Automethylation of protein arginine methyltransferase 8 (PRMT8) regulates activity by impeding S-adenosylmethionine sensitivity.
UMass Chan AffiliationsDepartment of Biochemistry and Molecular Pharmacology
Document TypeJournal Article
*Protein Processing, Post-Translational
Protein Structure, Tertiary
Enzymes and Coenzymes
MetadataShow full item record
AbstractProtein arginine methyltransferase (PRMT) 8 is unique among the PRMTs, as it has a highly restricted tissue expression pattern and an N terminus that contains two automethylation sites and a myristoylation site. PRMTs catalyze the transfer of a methyl group from S-adenosylmethionine (AdoMet) to a peptidylarginine on a protein substrate. Currently, the physiological roles, regulation, and cellular substrates of PRMT8 are poorly understood. However, a thorough understanding of PRMT8 kinetics should provide insights into each of these areas, thereby enhancing our understanding of this unique enzyme. In this study, we determined how automethylation regulates the enzymatic activity of PRMT8. We found that preventing automethylation with lysine mutations (preserving the positive charge of the residue) increased the turnover rate and decreased the Km of AdoMet but did not affect the Km of the protein substrate. In contrast, mimicking automethylation with phenylalanine (i.e. mimicking the increased hydrophobicity) decreased the turnover rate. The inhibitory effect of the PRMT8 N terminus could be transferred to PRMT1 by creating a chimeric protein containing the N terminus of PRMT8 fused to PRMT1. Thus, automethylation of the N terminus likely regulates PRMT8 activity by decreasing the affinity of the enzyme for AdoMet.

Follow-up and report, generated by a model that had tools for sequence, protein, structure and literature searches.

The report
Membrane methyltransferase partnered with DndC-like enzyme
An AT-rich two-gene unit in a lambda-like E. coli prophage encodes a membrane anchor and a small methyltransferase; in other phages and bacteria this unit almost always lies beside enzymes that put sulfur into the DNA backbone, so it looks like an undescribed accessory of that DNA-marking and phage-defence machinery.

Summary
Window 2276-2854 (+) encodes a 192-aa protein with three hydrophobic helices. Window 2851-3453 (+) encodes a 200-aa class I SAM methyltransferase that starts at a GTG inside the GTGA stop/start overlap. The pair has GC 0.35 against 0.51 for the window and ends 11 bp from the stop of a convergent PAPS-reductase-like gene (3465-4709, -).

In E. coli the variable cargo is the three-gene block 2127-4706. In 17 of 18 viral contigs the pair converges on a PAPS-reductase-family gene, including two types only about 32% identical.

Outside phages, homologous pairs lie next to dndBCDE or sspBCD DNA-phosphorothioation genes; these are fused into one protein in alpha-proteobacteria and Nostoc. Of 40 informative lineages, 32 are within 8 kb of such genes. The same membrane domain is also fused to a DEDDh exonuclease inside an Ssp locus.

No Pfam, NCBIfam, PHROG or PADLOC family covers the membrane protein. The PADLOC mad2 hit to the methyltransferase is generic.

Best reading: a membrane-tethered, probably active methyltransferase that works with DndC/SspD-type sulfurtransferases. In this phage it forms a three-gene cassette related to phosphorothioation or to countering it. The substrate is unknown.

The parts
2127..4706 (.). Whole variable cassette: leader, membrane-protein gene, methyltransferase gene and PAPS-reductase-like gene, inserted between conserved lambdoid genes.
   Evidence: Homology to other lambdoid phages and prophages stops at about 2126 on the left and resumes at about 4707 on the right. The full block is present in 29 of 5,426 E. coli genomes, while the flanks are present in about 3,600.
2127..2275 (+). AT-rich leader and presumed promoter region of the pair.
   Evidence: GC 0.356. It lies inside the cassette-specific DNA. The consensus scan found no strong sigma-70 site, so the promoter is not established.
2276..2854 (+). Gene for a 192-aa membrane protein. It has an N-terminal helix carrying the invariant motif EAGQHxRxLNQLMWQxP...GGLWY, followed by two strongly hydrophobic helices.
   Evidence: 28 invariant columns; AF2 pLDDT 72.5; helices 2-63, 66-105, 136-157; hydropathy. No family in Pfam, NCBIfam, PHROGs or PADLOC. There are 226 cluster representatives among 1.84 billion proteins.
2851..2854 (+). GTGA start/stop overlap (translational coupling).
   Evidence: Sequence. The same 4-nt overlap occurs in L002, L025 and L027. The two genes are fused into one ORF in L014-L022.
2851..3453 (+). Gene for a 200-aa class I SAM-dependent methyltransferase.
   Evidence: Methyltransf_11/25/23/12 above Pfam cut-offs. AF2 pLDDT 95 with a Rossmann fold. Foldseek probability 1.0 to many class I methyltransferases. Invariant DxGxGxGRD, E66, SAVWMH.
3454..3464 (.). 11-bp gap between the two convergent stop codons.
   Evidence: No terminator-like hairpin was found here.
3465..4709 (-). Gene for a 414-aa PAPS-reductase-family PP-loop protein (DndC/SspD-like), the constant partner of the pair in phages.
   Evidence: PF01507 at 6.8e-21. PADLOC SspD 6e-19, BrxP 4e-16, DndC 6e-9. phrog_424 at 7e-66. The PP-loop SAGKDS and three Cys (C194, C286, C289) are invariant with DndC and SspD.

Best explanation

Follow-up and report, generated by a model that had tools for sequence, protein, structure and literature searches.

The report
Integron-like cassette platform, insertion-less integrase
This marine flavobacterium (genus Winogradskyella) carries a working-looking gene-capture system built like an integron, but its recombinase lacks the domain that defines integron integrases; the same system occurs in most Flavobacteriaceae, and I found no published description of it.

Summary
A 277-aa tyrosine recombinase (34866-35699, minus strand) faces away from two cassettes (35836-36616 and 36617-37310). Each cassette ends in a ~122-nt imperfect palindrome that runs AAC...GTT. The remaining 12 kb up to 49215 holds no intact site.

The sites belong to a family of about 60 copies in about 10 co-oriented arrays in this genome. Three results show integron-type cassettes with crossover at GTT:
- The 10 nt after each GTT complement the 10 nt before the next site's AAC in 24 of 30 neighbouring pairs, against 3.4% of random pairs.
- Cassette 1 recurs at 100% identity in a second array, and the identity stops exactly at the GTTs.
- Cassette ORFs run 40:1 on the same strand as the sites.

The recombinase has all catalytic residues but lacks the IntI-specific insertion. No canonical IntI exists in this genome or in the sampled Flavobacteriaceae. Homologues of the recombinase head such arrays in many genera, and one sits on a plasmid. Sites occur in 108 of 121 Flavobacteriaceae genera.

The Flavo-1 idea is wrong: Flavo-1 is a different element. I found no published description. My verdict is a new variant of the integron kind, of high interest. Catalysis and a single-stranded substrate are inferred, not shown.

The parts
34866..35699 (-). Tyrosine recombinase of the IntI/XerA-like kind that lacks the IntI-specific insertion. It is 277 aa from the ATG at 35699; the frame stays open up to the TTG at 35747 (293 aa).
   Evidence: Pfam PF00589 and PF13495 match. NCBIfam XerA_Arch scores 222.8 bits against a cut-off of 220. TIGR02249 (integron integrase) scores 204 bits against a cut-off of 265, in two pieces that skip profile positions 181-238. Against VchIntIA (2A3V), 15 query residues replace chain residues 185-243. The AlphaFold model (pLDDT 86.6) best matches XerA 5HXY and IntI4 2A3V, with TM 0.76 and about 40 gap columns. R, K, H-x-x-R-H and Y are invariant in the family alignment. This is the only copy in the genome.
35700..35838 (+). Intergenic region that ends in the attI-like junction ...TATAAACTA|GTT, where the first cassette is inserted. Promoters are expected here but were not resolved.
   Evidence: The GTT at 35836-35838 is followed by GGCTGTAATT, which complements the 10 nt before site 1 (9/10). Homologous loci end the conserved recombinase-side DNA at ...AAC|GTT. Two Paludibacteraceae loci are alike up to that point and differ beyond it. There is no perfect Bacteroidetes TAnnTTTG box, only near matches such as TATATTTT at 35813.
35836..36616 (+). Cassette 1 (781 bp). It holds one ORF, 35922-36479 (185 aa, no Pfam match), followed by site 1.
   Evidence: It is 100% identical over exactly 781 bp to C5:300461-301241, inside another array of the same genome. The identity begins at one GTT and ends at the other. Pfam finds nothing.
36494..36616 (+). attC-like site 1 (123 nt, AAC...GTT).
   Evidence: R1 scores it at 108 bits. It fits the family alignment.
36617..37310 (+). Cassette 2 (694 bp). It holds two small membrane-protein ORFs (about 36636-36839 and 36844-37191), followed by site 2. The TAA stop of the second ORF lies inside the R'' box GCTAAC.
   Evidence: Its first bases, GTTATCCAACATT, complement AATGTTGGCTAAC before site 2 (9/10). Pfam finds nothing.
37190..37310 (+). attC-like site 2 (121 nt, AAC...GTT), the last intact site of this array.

SourceJ Biol Chem. 2013 Sep 27;288(39):27872-80. doi: 10.1074/jbc.M113.491092. Epub 2013 Aug 14. Link to article on publisher's site
Permanent Link to this Itemhttp://hdl.handle.net/20.500.14038/50011
At the time of publication, Paul Thompson was not yet affiliated with UMass Medical School.
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